ThanksgivingGreetingLast year, that most American of gigantic box stores (the one with the bouncy smiley face and the unbeatable prices on Chinese goods and processed food) decided that they were going to open their doors on Thanksgiving evening instead of waiting until midnight on Black Friday like more civilized, less greedy retailers do.

This year, worried that consumers would spend all their cash in one place, so many other stores jumped on the early ‘Gimme All Your Money, America’ bandwagon that some newscasters have begun calling Thanksgiving “Brown Thursday”.

Let’s shut that down right away. It’s sickening. And sad. The fourth Thursday in November already has a name and is already a wonderful tradition that is far removed from the massive consumerism that pervades our society today. If we’re going to call it anything else, just this one time, we can call it Thanksgivikkah. Not Brown Thursday.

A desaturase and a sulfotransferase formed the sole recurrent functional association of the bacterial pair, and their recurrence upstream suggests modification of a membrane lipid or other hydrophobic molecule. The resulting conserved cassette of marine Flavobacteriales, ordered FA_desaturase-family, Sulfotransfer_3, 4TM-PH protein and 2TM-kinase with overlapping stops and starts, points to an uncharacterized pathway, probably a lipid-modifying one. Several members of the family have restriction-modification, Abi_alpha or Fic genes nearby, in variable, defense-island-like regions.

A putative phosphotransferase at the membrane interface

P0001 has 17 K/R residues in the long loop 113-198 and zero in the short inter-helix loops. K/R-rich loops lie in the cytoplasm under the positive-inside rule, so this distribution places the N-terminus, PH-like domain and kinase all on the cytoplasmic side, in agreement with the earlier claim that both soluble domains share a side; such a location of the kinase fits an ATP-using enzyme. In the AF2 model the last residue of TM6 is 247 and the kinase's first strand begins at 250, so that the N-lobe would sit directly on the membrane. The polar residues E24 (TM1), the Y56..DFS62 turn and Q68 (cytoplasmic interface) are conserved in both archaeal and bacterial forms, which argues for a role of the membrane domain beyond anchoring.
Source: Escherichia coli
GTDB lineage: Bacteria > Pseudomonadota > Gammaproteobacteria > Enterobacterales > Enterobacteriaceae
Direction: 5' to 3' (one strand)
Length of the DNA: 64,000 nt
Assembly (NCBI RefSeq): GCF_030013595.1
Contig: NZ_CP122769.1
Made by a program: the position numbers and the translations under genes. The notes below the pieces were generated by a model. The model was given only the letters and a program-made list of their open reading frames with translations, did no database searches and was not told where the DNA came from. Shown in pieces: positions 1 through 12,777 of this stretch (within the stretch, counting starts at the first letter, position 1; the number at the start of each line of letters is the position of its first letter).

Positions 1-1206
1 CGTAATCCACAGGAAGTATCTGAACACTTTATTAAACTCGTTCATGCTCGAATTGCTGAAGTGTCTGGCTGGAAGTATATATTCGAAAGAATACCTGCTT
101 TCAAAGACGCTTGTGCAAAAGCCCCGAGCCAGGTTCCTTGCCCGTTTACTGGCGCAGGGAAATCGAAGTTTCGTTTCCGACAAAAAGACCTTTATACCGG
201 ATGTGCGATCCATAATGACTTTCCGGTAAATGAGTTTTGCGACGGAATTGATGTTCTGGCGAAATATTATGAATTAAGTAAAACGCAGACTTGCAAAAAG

It’s a big, unattainable dream, but I really, really hope that sales numbers tomorrow are so pathetic that for Thanksgiving 2014 we can get back to what really matters — being grateful for the things we already have and for the people we love and for the time we have to spend with them.

Happy Thanksgiving, Friends. Stay out of the stores. Please.

NaNoWriMo is Here!

A few years ago, one of my Creative Writing students asked me if I was participating in NaNoWriMo. I’d never heard of it. She explained that NaNoWriMo stands for National Novel Writing Month. At midnight each November 1 writers challenge themselves to complete an entire novel of at least 50000 words before the end of the month.

The concept was intriguing, but I just had too many other things going on. This year, I am going to try. Wish me luck. Fifty thousand words divided by 30 days equals 1667 words per day. That’s doable, right? Might have to double up a couple of days … I probably won’t get much done on Thanksgiving and Cyber Monday. :)